The UN warns that 3.5 million Somalis could be facing famine
An ambitious plan or just talk?
Ivory Coast has launched the "Abidjan Initiative" to protect its forests. The program aims to restore 20% of the country's forests by the end of the decade and prevent further deforestation. Abidjan was able to secure $1.5 billion for the plan in the early days of the conference. Prime Minister Patrick Achi invited other countries to join the initiative.
"The Abidjan Initiative is a comprehensive and integrated response which aims first to create the conditions for a sustainable environment, and then to give the agricultural sector a powerful role in creating jobs and income," he said.
The ambitious plan hopes to incorporate advanced technology solutions like tree-planting drones. It also envisions investments in sustainable agriculture and social projects to promote gender equality.
Rachel Lydie, an Ivorian activist for sustainable and responsible production, was skeptical. "Today, in Ivory Coast, we talk more than we act. We do not carry out concrete actions," she told DW.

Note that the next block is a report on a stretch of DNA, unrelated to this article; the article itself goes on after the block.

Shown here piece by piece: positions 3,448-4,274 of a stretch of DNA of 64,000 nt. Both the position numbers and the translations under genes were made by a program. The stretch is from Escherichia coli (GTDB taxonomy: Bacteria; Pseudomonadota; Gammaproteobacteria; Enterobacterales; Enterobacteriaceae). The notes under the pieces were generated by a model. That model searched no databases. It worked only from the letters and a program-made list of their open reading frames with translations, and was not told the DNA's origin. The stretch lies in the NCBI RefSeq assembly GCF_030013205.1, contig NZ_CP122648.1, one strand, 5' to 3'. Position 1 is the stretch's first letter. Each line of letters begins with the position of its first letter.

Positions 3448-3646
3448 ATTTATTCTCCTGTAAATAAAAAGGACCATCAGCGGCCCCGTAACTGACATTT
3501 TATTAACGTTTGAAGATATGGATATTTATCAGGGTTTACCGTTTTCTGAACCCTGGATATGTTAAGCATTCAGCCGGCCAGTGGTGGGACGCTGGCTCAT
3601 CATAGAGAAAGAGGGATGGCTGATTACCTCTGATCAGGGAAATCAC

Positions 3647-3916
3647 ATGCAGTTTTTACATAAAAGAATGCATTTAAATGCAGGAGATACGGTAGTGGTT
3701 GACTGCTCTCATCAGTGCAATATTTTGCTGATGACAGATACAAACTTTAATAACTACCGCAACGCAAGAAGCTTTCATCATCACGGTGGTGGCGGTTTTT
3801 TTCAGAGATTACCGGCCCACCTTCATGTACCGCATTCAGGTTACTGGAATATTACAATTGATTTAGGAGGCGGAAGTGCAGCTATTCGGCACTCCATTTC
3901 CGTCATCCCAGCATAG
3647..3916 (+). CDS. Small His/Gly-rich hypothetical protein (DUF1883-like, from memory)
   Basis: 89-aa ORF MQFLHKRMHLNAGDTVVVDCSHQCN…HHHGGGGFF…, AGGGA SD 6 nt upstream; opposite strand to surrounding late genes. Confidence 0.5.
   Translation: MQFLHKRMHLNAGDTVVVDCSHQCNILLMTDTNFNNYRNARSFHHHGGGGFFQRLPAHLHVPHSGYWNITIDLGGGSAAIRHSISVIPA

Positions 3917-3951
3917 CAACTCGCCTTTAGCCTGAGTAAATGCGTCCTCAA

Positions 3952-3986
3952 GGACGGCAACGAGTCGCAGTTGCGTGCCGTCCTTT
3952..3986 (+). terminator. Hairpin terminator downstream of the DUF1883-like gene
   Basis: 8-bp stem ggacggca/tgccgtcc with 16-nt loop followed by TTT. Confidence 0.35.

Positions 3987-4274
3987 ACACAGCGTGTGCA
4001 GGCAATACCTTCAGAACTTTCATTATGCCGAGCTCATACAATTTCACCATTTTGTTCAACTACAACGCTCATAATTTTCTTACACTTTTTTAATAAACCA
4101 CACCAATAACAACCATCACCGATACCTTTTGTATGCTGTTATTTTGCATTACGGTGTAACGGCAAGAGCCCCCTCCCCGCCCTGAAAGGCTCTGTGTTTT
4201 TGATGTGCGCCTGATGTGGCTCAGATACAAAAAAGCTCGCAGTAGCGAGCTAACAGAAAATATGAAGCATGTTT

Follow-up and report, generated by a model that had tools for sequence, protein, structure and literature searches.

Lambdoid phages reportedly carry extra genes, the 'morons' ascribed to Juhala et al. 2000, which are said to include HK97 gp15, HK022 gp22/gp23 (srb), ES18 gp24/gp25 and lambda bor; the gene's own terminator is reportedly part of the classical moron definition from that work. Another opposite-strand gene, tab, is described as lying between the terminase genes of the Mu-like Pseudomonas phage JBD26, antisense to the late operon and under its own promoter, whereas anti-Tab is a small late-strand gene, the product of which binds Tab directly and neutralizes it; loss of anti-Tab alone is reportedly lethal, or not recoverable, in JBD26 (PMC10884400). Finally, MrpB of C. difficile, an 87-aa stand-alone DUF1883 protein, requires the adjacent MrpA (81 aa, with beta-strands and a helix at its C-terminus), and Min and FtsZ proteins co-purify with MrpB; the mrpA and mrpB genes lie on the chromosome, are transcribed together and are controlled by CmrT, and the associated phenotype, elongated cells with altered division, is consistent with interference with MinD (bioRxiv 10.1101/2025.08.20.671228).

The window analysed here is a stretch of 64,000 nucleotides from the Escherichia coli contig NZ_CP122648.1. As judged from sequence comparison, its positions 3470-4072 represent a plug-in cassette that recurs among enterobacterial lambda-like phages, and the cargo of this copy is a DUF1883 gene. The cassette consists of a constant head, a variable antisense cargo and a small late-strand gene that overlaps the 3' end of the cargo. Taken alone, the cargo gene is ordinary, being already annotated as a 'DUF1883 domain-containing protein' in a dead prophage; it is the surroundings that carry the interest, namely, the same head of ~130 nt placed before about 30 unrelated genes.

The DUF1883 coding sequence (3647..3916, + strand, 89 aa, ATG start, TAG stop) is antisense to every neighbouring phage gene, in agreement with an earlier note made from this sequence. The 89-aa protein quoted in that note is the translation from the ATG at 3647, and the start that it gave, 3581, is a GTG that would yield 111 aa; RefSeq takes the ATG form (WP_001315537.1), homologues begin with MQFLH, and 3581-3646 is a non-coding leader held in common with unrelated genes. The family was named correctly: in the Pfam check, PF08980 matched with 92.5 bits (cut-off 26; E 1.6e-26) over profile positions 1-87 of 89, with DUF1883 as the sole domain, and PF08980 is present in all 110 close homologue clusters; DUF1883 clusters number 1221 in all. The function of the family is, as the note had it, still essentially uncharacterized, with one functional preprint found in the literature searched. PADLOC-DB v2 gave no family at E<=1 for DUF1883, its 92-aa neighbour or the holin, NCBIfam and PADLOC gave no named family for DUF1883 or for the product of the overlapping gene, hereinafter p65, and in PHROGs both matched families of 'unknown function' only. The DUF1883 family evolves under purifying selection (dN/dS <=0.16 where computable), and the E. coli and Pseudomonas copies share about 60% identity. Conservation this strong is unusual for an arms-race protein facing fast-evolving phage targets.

Several projects in Africa are trying to stop desertification
Civil society was also not happy about the election of former Ivorian Water and Forests Minister Alain Richard Donwahi to the COP15 presidency. The ministry, which he headed from 2017 until April 2022, is being audited after reports of timber trafficking.
The audit, confirmed by the government, came after the dismantling of a vast trafficking network in precious wood that, according to the magazine Jeune Afrique, involved members of Donwahi's administration. The former minister denied any link to wood smuggling networks.
The question of the president not being officially an issue at the conference, African delegates are concentrating into turning this meeting into an African COP. Niger's Athanase Bouda told DW that hosting the conference in Africa has led to more intensive and fruitful exchange with partners: "They want to continue to support our projects and have made further promises. I think hope is allowed."
Adapted from French by Cristina Krippahl